About This Video
Soul Club Oral History Project: Leonard Davis
The Soul Club of FIT was organized in 1968 by community member Clara Branch after the death of Dr. Martin Luther King, Jr. Clara Branch was a staff and faculty member of the Fashion Design Department who served as the club’s advisor until her retirement in 1991. The purpose of the club was to share and celebrate Black heritage and culture, and to assist students with books, materials, and mentorship. The Soul Club of FIT is best remembered for its annual standing-room only event, The Soul Fashion Show, which was held at FIT from 1971 through the early 1990s. Clara Branch directed these shows which featured the work of young Black designers and models, and were supported by the larger community of the New York City fashion industry. In 1992, Rhonda Burrell-Stubbs took over as director upon Clara Branch’s retirement.
The Soul Club Oral History Project is an initiative of the FIT Library, inspired by the Soul Club fashion shows’ exuberance, positivity, dynamism, and joy. For this oral history project, FIT alumni and faculty members are interviewed about their participation and experience in the Soul Club. The goal of this project is to explore FIT’s rich and diverse history and uplift, amplify, and publicly share the stories of Black fashion students and faculty members as told by the community members themselves.
Fashion Designer, Fashion Event Producer, and Black Americana collector, Leonard Davis, earned his Associate degree in applied science at the Fashion Institute of Technology in 1973.
Davis then continued his education at the world-famous L'École de la Chambre Syndicale De La Couture Parisienne, Paris, France where he earned his “Couture Design'' certificate in 1975.
After working as an apprentice for Jean-Louis Sherrer in Paris, Davis returned to New York and began working on Seventh Avenue as part of the design team at Willi Wear. Davis was the first African American designer to head a division for companies such as: Adrianna Papell, Chaus Inc. Tanzara, and Lemon Grass. For 12 years Davis designed private label products for QVC, The Home Shopping Network, Essence by Mail, and retail stores: Saks, Nordstrom, Bloomingdales, Macy’s, JCPenney, Sears, Ashley Stewart, and Walmart. Davis has also worked abroad as Design Director for several International fashion houses including Mihang International, (Korea) Sage Apparel, (India), Tanzara international, (India).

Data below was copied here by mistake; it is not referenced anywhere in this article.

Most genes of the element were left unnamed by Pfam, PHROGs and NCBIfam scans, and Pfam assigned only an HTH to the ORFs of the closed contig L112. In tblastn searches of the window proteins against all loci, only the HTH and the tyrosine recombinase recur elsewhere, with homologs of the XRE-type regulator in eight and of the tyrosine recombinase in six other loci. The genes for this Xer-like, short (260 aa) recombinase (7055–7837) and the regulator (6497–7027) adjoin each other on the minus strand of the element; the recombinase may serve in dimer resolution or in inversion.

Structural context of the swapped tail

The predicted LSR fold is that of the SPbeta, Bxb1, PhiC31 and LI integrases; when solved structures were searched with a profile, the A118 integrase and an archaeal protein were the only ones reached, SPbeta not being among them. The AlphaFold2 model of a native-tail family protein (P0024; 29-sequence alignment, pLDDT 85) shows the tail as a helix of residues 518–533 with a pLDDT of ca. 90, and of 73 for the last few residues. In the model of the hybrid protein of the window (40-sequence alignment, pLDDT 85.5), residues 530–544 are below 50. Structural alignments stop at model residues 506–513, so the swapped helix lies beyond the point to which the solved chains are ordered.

In 1990 Leonard realized the necessity for an annual event to honor African Americans in the Fashion Industry.
Through the collaboration of FIT’s Soul Club and FAX, Davis’s vision was realized and he produced several events which honored black fashion pioneers such as: Ophelia DeVore, Naomi Sims, Andre-Leon Talley, Iman, Bethann Hardison, Geoffrey Holder, Carmen De Lavallade, Wesley Tann, Helen Williams, Audrey Smaltz, Susan Taylor, and Stephan Burrows. These events were hosted by Diahann Carroll and Phylicia Rashad.
Davis began collecting African American historical artifacts in 1985. Leonard has published two books entitled, Black Americana Price Guide. Davis has appeared in numerous magazine and newspaper articles, and The Davis Collection has been featured on TV shows: Antiques Road Show, Treasures In Your Home, and ABC News. Items from the Davis collection were featured in Spike Lee’s hit movie Bamboozled, and several items are on display at the newly built African American Museum in Washington, DC, The Civil Rights Museum, and The Norman Rockwell Museum.
Taur Orange, interviewer, is the head of Educational Opportunity Programs at FIT.
FIT Special Collections and College Archives
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